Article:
A very naive idea. And one that has an im­me­di­ate and ob­vi­ous flaw: what hap­pens if English were to change so that “hap­piness” and “suffer­ing” ex­changed mean­ings? Then we would have trans­formed the max­i­mally happy uni­verses into a max­i­mally painful one. All at the stroke of a lin­guis­tic pen.

The prob­lem is that that naive he­do­nium ended up be­ing a purely syn­tac­tic con­struc­tion. Refer­ring to noth­ing in the out­side uni­verse, its defi­ni­tion of “hap­piness” was en­tirely de­pen­dent on the lin­guis­tic la­bel “hap­piness”.

It seems that the more grounded and se­man­tic the sym­bols are, the harder it is to get an iso­mor­phism that trans­forms them into some­thing else.

He­do­nium: semantics

So how can we en­sure that we have some­thing that is inar­guably he­do­nium, not just the al­gorith­mic equiv­a­lent of draw­ing a happy face? I’d say there are three main ways that we can check that the sym­bols are grounded/​the hap­piness is gen­uine:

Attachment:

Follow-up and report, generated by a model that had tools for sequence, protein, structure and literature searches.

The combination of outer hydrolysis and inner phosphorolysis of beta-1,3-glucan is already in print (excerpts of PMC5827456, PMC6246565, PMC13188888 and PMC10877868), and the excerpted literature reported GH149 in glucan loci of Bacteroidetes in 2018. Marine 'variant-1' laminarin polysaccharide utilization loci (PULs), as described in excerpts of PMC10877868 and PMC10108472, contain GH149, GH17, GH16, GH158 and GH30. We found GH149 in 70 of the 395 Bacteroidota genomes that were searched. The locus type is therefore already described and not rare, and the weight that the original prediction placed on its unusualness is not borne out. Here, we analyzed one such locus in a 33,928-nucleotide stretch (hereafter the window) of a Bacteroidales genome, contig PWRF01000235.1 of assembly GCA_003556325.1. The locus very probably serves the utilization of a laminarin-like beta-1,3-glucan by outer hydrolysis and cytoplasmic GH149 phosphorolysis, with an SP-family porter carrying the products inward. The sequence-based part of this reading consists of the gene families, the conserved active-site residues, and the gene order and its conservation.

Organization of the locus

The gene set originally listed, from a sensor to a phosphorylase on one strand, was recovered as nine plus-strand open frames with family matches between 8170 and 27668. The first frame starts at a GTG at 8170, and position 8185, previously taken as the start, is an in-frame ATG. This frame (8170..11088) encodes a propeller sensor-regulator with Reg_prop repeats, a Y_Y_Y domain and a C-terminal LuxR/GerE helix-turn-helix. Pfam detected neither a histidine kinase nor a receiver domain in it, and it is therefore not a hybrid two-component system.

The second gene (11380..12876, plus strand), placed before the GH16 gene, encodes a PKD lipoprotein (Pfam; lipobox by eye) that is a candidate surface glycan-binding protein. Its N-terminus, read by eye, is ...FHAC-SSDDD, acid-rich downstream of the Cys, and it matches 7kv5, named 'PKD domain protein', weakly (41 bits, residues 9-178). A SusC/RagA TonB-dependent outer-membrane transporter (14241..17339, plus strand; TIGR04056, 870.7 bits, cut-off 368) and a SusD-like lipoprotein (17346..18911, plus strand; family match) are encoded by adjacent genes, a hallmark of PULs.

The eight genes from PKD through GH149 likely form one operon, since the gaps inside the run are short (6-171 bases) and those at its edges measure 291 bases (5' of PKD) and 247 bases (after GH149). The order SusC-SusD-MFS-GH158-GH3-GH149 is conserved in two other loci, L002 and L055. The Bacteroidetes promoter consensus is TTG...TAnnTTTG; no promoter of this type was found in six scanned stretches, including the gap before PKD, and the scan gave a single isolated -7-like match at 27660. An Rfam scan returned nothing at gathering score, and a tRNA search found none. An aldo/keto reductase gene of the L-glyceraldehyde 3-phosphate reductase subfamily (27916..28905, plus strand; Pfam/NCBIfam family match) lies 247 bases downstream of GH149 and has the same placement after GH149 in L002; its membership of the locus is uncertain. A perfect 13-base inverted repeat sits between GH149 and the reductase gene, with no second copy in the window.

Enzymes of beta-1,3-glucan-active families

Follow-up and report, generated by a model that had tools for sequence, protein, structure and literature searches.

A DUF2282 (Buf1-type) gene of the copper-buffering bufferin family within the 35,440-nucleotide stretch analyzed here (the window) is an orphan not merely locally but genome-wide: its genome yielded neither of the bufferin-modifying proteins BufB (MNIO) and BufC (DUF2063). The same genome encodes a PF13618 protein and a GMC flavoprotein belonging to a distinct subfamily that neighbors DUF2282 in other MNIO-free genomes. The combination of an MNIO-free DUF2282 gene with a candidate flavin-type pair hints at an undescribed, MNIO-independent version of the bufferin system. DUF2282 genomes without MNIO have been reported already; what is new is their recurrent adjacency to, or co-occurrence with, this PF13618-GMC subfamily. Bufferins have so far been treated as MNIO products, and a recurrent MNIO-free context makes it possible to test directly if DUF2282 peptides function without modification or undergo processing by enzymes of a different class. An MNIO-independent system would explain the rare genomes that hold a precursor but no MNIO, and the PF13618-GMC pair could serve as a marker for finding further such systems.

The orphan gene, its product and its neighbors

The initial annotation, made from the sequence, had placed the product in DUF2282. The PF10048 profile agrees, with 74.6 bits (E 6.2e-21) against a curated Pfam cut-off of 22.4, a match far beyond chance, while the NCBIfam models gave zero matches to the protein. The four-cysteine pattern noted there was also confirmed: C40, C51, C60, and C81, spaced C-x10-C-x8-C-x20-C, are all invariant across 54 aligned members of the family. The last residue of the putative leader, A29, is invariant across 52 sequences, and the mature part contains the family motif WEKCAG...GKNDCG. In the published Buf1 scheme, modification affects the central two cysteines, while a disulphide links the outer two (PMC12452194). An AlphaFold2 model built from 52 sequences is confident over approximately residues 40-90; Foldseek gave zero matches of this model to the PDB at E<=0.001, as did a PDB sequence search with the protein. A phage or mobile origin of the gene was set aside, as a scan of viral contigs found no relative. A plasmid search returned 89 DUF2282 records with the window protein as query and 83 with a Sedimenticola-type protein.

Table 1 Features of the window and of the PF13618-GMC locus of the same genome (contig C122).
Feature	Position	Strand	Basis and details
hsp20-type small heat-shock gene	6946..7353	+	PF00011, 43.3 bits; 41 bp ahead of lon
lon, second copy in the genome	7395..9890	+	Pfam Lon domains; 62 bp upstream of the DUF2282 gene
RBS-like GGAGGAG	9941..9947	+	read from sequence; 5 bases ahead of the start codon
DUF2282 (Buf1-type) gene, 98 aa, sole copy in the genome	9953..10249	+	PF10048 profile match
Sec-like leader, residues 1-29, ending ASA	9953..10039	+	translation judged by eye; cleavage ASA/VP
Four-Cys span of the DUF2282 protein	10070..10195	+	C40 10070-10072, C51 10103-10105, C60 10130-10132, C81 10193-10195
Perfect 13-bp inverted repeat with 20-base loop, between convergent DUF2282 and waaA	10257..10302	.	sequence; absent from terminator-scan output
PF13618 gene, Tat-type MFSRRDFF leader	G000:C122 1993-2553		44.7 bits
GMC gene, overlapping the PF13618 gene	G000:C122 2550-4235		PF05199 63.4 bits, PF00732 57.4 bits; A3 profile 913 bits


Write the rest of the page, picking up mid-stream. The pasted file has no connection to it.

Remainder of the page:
• Pre­dic­tive ability

  • Sim­plest iso­mor­phism to reality

  • Cor­rect features

If the sym­bols are well grounded in re­al­ity, then the agent should have a de­cent pre­dic­tive abil­ity. Note that the bar is very low here. Some­one who re­al­ises that bat­tles are things that are fought by hu­mans, that in­volve death, and that are won or lost or drawn, is already very much ahead than some­one who thinks that bat­tles are things that in­vite you home for tea and bis­cuits. So a de­cent pre­dic­tion is “some­one will die in this bat­tle”, a bad one is “this bat­tle will wear a white frilly dress”.